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Oppo A16s 5G Camera test: Basic shooter with no ultrawide

This device has been retested in the latest version of our protocol. Overall, sub-scores and attributes are up to date. For detailed information, check the What’s New article

The Oppo A16s is one of the most affordable devices in the Chinese manufacturer’s lineup, and it offers some good specs for the money. It is built around a massive 5000mAh battery, but the MediaTek Helio G35 chipset, 4GB of RAM, 64GB of (expandable) storage, and a 6.52-inch display with HD+ resolution  are all adequate for the price point, too.

The camera setup on the other hand is a comparatively simple affair. The Oppo comes with a triple-cam but no tele or ultra-wide lenses. Instead the 13 MP primary camera is flanked by a 2 MP monochrome unit and a dedicated macro camera. Video can be recorded at 1080p or 720p resolutions at 30 frames per second.

Let’s see how the Oppo A16s camera holds up against the competition in the Essential segment.

Key camera specifications:

  • Primary: 13 MP sensor, f/2.2-aperture lens with 80° field of view, autofocus
  • Mono: 2 MP sensor, f/2.4-aperture lens with 88.8° field of view, fixed focus
  • Macro: 2 MP sensor, f/2.4-aperture lens with 88.8° field of view, fixed focus
  • LED Flash
  • 1080p/720p at 30 fps

About DXOMARK Camera tests: For scoring and analysis in our smartphone camera reviews, DXOMARK engineers capture and evaluate over 3000 test images and more than 2.5 hours of video both in controlled lab environments and in natural indoor and outdoor scenes, using the camera’s default settings. This article is designed to highlight the most important results of our testing. For more information about the DXOMARK Camera test protocol, click here. More details on how we score smartphone cameras are available here.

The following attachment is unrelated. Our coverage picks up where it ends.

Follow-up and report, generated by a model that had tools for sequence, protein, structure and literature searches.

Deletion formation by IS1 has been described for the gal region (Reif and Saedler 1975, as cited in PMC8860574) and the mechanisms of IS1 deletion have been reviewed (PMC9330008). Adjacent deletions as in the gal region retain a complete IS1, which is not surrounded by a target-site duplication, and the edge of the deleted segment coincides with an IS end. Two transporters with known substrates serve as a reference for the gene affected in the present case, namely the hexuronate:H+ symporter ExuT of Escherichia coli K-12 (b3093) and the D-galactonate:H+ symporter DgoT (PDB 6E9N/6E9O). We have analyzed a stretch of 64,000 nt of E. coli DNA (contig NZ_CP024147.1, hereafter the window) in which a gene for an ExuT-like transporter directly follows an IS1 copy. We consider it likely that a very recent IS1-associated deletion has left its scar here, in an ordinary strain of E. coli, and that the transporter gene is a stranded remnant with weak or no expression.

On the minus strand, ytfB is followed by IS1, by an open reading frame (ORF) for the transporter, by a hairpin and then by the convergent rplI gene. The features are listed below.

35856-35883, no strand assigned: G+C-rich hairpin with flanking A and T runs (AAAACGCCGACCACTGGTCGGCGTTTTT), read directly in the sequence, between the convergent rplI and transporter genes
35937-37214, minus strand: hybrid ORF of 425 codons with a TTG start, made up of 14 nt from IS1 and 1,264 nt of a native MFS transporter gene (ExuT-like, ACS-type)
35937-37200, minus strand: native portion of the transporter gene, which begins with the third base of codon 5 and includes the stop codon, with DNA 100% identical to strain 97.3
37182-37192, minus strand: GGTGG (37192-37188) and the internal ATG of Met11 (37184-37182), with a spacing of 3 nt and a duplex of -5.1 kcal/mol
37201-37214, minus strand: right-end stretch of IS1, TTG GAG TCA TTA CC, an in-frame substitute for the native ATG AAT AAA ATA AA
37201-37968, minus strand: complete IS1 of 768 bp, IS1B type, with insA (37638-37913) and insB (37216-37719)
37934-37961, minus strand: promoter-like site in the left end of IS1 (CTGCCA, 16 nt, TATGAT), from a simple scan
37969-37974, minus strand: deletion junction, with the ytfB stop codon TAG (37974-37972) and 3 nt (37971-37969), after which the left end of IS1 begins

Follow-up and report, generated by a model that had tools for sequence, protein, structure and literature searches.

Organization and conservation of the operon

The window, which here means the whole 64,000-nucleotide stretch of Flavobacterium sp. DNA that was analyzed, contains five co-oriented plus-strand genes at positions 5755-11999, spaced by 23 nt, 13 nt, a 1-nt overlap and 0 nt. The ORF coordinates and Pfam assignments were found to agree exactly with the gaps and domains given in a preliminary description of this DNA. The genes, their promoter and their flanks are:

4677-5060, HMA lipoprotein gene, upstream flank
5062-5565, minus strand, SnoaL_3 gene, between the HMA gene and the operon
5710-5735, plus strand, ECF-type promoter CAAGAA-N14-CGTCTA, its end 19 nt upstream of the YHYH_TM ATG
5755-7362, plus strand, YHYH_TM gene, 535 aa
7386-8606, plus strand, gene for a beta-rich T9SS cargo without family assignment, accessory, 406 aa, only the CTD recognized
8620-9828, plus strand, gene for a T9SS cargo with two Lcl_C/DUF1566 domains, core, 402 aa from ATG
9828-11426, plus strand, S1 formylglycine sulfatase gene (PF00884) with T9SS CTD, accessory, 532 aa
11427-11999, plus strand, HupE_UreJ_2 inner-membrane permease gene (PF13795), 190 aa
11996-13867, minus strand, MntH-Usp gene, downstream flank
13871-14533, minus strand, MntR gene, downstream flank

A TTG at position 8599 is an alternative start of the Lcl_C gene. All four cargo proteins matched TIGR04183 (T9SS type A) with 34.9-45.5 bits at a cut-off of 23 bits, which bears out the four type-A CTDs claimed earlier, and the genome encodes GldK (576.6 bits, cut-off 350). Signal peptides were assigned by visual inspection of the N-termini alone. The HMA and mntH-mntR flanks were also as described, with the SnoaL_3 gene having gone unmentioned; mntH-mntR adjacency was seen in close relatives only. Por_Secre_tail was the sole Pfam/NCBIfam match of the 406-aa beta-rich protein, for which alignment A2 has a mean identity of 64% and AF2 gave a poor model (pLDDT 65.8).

Test summary


Sub-scores and attributes included in the calculations of the global score.

Oppo A16s 5G


































Use cases & Conditions

Use case scores indicate the product performance in specific situations. They are not included in the overall score calculations.

BEST 175


Photos & videos shot in bright light conditions (≥1000 lux)

BEST 165


Photos & videos shot in good lighting conditions (≥100lux)

BEST 135


Photos & videos shot in low lighting conditions (<100 lux)

BEST 149

Friends & Family

Portrait and group photo & videos

Please be aware that beyond this point, we have not modified the initial test results. While data and products remain fully comparable, you might encounter mentions and references to the previous scores.


  • Acceptable exposure and fairly wide dynamic range in bright light and under indoor conditions
  • Generally good white balance in bright light photo and video
  • Quite good exposure in bright light video


  • Exposure instabilities and strong ghosting artifacts in high-contrast scenes
  • Narrow depth of field and autofocus failures result in out-of-focus subjects
  • Lack of detail
  • Bokeh mode sometimes fails to activate
  • No ultra-wide camera
  • Lack of dynamic range and unstable autofocus in video
  • Underexposure in low light video
  • Ineffective video stabilization